- My iPhone is my brain! I use it to keep lists, my calendar, for news, and communication. I am so lost with it. I feel like I can't function.
- My husband is indispensable! We depend on each other for monetary and emotional support. We also depend on each other for parenting support. I don't know what I would do without him. I have great respect for people who are single parents. That must be the most difficult job in the world.
- My family is very supportive. Each one supports me in their own way. The oldest helps out a lot around the house, especially with the youngest. My son, the middle child, is my resident tech specialist. He helps me out when I have technology problems. The youngest is my shadow. She is always with me and always knows how to comfort me when I am upset. She and I are extremely close.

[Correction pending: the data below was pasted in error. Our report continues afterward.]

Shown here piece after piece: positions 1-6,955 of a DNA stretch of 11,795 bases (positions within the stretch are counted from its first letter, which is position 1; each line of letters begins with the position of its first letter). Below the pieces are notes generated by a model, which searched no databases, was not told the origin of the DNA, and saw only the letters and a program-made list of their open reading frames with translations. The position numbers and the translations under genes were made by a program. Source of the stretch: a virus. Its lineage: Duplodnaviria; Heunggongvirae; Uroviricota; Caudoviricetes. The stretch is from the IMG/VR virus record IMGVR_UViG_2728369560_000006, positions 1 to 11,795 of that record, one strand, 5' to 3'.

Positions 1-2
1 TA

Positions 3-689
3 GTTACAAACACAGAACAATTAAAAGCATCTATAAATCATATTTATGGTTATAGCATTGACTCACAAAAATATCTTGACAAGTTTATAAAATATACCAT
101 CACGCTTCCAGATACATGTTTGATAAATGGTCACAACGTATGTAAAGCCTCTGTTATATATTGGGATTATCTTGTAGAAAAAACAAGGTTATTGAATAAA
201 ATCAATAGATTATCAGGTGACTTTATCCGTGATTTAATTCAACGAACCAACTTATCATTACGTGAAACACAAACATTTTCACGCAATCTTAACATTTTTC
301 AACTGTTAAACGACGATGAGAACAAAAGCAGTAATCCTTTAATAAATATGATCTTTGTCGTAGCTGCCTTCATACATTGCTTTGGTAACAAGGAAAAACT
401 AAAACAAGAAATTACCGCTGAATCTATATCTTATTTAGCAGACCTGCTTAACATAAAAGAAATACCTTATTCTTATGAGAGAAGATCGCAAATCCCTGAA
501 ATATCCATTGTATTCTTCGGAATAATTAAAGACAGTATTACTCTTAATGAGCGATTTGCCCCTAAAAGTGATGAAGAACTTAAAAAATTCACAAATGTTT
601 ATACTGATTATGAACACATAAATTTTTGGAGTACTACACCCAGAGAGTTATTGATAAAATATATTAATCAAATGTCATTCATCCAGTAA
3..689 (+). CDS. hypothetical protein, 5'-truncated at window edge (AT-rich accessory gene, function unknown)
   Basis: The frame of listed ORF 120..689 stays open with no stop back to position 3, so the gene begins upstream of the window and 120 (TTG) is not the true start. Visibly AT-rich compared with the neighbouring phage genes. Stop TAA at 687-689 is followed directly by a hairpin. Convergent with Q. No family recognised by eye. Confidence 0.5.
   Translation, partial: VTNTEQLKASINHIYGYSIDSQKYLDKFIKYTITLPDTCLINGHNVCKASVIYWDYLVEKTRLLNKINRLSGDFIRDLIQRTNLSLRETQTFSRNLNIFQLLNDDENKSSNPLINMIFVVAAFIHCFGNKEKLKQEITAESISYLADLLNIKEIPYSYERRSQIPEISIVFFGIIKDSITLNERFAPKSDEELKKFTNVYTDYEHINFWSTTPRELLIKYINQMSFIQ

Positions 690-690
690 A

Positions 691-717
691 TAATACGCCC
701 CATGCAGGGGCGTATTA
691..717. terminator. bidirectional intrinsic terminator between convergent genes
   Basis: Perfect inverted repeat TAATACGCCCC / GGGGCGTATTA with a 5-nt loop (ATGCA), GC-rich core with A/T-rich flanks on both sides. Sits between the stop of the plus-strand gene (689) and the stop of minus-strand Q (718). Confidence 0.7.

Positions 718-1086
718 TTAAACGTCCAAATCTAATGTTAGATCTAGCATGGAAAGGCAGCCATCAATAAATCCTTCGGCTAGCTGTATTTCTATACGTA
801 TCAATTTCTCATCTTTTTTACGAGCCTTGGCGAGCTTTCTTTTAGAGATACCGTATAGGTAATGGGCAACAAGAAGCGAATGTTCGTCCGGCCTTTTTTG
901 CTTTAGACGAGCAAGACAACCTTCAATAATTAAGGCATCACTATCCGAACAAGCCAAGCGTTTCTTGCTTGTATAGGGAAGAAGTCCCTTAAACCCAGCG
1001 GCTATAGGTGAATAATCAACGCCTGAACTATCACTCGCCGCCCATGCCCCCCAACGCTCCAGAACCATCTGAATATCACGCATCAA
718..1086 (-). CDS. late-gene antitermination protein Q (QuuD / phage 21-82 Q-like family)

- My co-workers help support me when things get stressful at work. We vent to each other when things are tough at work. This really helps because then we don't take things home to our families. The last 2 years, we have not been able to eat lunch all together as in the previous years. This has been tough on us.
- My parents are there for me when only the advice from a parent will do. They are always willing to offer an ear and are never judgemental. I can call them for anything and they will help. When I was younger they offered monetary and emotional support. As I have grown older I look to them when I need advice or just need to talk.
Saturday, December 10, 2011
Sunday, November 27, 2011
“Play is the beginning of knowledge.” ~ Anonymous
“Children need the freedom and time to play. Play is not a luxury. Play is a necessity.” Kay Redfield Jamison (professor of psychiatry)